- Sourdough (from 100g old dough and 50g cold water)
- 1l water
- 1kg organic dark rye
- 1 tablespoon sea salt
- 150g organic white
if you can get a 100g lump from a fellow baker, it\'s easiest and best. Otherwise you\'ll have to start one from scratch, perhaps from a recipe here. Here\'s how I now do my rye sourdough:
- just before the loaves are scooped into baking forms, take away 100g of the dough and put it into a glass jar with a screw lid.
- Add 50g of cold water (not straight from the tap if you have chlorinated water - I boil my water and cool it) and stir with the end of a wooden spoon - the mixture looks a bit like runny porridge. Put lid on without tightening it and leave in a warm kitchen for an hour or so, until you see it starting to bubble.
- Then screw on lid and put in the fridge, where it\'ll keep for 3 weeks.
The evening before
Take you sourdough from the fridge and pour it into 500g of warm (non-chlorine) water, about body temperature. Add 200g of dark rye, stir well and leave in the kitchen covered with a cloth until the next morning. Use a big bowl.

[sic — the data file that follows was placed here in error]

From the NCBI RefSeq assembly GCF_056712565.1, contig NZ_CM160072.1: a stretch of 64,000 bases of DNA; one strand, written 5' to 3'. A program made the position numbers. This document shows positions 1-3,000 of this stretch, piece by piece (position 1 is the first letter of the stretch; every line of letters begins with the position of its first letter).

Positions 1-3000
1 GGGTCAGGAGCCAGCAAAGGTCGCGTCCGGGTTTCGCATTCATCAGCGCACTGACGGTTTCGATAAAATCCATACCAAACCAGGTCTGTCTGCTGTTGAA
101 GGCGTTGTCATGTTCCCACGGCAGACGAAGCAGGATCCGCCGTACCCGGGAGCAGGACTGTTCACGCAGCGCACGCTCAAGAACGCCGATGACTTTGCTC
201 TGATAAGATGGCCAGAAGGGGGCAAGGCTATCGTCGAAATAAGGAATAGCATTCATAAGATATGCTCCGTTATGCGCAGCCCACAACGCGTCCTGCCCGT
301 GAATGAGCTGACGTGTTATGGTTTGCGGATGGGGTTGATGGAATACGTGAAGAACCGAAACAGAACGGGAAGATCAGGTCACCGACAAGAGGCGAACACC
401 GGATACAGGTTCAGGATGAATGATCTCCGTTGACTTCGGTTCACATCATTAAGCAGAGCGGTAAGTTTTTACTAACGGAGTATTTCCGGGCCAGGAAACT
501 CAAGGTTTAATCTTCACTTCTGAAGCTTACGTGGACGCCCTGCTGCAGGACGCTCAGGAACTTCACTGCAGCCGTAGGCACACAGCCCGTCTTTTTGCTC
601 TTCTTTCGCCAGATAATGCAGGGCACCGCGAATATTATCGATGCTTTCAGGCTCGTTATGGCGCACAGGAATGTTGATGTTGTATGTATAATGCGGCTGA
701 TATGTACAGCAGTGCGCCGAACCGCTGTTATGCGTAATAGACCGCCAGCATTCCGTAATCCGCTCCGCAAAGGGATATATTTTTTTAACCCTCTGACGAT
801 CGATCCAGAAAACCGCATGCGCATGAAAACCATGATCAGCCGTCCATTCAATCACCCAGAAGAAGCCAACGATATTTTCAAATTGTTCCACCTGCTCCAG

The morning after
Pour another 500g of warm water into the mix, add salt and 800g of dark rye. Mix well with a heavy wooden spoon, it\'s hard work. Them mix in 150g of white flour and leave to rise in the kitchen for 4-6 hours, the longer the better.
Take away 100g for your next sourdough according to the instructions above.
Divide the rest of the dough into two 1kg forms - smooth the loaves with your scraper and leave to rise in the forms for 1 hour. During the last 30 minutes of this time, turn on you oven to 200 degrees C.
Bake the loaves for 60 minutes. Remove from the forms immediately and leave to cool on a cooling tray. When completely cool, the loaves can be sliced with a sharp and stiff bread knife. I always struggle to keep the family away from the bread until it\'s cool enough to be sliced.
The loaves are freezable, just put them in a plastic bag.